Drama vs. Fiction

Powerful Essays
There are many different structures in which writers decide to articulate their literary works. The three most common forms are fictional, dramatic and poetic literature. Dramatic literature can be defined as “a work to be performed by actors on stage, radio, or television” (Dramatic Literature). Fictional literature is most commonly defined as a “literary work invented by the imagination” (Fiction). Yet, both genres are comprised of their own limitations and downfalls. Although, a fictional work can explore the depths of a reader’s imagination, a work of dramatic literature allows the words and characters to come alive before the reader’s eyes. Since dramatic literature is intended to be preformed it is set back by economical support and time constraints, causing some writers to articulate their plot in a more condensed timeframe. Whilst a work of fictional literature can be hundreds of pages long in order to properly communicate the writer’s vision. The use of human senses, the capability to leap from assorted scenes, and the voice used to articulate the plot also, assist in separating the different avenues that divide a work into dramatic or fictional literature.

In a dramatic piece of literature, the viewer lacks the ability to cohesively jump from scene to scene. Since, a work of dramatic literature is usually intended to be performed on a stage, the detail that is expressed in describing the initial scenery of a play is essential because it insures that the writer’s vision is correctly being displayed. In Henrik Ibsen’s literary work, A Dollhouse, the scenery is described in the beginning of each act. “A room furnished comfortably and tastefully, but not extravagantly. At the back, a door to the right leads to the entranc...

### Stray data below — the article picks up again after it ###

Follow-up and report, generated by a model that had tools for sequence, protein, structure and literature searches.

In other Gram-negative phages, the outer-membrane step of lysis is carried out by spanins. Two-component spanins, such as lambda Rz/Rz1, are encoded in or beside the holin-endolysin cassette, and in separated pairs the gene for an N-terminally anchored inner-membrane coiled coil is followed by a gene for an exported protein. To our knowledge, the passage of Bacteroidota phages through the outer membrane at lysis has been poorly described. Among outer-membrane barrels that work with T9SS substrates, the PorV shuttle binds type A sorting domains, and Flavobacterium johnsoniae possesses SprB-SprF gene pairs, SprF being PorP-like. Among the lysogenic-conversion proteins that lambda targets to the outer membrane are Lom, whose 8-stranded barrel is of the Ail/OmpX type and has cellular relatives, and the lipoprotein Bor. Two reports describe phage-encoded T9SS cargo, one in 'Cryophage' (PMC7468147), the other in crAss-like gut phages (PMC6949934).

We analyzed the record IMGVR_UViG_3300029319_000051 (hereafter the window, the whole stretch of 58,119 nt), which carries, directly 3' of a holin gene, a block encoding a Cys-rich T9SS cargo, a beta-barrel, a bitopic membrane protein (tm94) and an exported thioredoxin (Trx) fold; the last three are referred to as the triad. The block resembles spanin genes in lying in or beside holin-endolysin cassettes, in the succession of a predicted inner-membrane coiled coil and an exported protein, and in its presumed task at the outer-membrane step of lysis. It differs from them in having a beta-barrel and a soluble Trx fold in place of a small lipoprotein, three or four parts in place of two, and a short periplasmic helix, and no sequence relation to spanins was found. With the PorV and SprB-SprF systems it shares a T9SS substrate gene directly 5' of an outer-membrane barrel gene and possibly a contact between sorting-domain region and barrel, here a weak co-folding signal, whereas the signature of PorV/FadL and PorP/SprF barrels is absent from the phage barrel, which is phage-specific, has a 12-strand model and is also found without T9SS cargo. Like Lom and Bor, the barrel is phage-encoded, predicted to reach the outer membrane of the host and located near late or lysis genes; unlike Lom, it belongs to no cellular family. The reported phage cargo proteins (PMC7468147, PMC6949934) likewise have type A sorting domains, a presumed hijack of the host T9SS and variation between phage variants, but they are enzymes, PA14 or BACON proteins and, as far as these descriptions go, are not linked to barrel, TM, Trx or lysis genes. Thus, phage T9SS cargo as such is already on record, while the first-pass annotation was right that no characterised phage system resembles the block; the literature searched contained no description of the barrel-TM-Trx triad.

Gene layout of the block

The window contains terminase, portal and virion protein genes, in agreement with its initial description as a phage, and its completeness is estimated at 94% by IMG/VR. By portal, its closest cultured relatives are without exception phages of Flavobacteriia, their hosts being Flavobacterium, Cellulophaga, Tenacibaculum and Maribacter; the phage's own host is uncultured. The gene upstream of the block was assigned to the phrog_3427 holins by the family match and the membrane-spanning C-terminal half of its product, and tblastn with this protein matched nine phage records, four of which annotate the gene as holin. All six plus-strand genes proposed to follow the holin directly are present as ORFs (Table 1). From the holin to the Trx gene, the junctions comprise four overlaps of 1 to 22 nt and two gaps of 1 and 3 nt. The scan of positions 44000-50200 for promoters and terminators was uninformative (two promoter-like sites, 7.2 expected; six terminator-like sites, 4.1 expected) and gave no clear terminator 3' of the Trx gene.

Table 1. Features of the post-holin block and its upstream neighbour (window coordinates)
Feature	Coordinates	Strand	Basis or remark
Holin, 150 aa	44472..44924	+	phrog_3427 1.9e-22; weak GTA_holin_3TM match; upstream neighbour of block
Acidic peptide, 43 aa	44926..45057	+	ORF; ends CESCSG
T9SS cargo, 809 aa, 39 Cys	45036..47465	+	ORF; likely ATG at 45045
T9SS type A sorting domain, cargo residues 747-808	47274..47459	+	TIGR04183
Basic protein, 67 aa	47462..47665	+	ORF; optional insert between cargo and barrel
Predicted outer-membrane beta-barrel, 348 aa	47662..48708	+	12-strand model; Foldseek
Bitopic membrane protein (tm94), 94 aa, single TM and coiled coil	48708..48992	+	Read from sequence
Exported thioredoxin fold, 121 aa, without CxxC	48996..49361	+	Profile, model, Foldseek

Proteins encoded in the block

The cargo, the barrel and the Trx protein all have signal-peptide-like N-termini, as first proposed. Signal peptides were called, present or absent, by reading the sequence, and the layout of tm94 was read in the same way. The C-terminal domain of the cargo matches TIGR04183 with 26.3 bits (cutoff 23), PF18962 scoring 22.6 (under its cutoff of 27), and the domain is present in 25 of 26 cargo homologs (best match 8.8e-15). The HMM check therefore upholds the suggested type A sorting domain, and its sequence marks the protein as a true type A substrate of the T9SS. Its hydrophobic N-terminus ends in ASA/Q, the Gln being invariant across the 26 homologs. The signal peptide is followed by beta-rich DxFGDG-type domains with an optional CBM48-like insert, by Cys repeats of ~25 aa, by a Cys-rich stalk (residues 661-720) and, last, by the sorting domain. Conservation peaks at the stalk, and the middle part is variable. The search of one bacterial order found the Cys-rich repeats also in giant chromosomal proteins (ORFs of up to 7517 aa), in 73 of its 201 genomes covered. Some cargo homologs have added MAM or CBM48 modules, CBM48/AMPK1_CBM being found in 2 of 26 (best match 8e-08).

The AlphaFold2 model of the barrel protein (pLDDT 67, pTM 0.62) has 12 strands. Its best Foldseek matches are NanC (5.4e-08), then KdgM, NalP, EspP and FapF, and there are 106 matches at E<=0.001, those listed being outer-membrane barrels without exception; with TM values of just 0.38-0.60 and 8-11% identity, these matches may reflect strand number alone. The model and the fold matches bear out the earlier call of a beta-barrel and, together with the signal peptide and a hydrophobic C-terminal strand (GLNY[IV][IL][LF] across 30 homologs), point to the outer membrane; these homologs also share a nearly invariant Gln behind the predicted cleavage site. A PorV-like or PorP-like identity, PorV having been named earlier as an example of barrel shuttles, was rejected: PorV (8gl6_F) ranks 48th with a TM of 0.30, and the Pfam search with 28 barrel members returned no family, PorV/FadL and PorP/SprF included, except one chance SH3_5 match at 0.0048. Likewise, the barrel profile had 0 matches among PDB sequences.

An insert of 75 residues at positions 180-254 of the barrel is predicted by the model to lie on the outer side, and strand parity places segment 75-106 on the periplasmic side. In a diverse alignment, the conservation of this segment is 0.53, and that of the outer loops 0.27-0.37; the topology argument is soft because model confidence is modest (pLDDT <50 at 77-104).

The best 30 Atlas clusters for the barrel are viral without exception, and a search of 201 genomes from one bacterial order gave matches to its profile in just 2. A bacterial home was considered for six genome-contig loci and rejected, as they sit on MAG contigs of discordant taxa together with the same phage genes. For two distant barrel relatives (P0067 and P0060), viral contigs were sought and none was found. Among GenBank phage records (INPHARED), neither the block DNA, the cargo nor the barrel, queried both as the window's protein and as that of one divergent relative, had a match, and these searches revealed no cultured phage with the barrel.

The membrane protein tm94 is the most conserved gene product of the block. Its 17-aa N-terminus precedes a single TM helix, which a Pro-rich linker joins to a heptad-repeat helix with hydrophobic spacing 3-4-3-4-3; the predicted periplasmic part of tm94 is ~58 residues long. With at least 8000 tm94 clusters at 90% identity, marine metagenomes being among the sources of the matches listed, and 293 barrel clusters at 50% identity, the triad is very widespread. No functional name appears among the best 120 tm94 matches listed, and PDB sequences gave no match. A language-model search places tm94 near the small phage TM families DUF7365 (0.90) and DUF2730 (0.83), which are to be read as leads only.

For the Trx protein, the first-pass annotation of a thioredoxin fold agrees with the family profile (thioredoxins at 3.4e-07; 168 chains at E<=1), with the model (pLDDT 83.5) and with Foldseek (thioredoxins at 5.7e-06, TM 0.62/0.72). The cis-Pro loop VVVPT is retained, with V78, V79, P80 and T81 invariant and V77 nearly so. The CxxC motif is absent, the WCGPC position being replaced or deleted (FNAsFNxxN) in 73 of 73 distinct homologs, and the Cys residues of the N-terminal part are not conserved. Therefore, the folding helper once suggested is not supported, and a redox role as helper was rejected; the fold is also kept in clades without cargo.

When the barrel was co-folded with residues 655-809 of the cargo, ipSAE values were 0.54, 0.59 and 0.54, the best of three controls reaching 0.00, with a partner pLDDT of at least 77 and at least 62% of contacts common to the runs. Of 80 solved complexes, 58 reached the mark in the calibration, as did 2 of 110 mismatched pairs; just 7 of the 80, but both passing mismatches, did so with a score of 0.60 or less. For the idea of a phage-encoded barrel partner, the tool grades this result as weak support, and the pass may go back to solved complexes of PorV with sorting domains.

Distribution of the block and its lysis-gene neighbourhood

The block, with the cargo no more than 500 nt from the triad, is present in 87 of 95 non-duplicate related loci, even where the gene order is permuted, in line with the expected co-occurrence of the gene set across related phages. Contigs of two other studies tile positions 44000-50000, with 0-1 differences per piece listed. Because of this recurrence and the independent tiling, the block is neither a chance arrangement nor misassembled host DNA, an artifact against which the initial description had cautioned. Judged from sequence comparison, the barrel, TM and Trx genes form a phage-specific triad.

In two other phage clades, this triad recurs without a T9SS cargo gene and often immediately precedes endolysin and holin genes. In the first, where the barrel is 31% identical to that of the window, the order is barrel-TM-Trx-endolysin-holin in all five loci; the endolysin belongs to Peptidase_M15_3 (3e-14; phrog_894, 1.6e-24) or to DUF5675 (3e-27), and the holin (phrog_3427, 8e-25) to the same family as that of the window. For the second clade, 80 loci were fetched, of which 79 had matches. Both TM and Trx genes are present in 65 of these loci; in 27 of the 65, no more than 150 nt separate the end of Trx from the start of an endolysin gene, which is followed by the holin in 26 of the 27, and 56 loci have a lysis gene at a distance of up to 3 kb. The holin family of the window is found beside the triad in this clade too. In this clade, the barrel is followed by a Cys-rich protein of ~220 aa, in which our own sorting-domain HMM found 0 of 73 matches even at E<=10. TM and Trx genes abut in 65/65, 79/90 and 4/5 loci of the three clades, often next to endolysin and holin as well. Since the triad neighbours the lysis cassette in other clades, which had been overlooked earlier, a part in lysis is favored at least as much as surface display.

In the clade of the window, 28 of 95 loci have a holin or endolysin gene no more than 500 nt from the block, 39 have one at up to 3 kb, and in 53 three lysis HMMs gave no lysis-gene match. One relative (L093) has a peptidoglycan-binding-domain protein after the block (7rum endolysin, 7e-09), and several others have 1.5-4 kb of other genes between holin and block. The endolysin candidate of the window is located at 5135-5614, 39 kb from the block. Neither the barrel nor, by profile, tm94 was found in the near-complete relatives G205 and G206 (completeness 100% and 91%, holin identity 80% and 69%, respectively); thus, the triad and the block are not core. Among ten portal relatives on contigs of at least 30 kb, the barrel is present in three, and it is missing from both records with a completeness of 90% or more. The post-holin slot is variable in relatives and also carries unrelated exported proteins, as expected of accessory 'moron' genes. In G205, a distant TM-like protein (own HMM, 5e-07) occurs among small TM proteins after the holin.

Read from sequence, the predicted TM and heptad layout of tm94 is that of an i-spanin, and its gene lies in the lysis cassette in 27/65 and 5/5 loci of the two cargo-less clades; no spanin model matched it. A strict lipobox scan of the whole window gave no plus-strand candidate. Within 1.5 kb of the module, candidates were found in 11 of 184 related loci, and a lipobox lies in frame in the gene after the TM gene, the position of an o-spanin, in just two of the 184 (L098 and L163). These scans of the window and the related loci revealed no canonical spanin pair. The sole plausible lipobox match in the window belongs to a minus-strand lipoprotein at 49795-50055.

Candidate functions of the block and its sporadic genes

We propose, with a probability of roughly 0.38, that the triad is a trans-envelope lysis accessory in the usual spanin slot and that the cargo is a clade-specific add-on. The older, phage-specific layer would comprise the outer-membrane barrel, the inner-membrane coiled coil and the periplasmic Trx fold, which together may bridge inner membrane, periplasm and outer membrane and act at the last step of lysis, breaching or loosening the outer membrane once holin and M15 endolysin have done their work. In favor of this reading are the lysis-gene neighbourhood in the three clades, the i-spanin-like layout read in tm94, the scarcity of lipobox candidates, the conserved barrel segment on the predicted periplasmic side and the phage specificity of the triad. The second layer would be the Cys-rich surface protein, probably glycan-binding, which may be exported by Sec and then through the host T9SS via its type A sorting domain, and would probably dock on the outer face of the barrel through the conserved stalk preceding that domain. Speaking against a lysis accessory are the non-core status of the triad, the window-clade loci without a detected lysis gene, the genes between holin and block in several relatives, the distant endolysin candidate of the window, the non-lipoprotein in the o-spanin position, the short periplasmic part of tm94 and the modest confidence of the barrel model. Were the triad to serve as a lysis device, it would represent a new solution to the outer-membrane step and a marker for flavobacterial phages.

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...enery is better utilized in fictional works because it does not require construction of them on a set. Yet, even with the best description a writer can provide their readers, it does not compare to the actual sounds, smells, or observations that a reader is able to experience in a dramatic work. Although, all of these different items divide these two works into two different genres, they still are comprised of the same ideology.

Works Cited

Dramatic Literature. 26 03 2011 .

Fiction. 26 03 2011 .

Ibsen, Henrik. "A Doll House." Literature: An Introduction to Reading and Writing. Upper Saddle River: Pearson College Div, 2011. 1191-1237.

Poe, Edgar. "The Masque of the Red Death." Literature: An Introduction to Reading and Writing. Upper Saddle River: Pearson College Div, 2011. 234-237.
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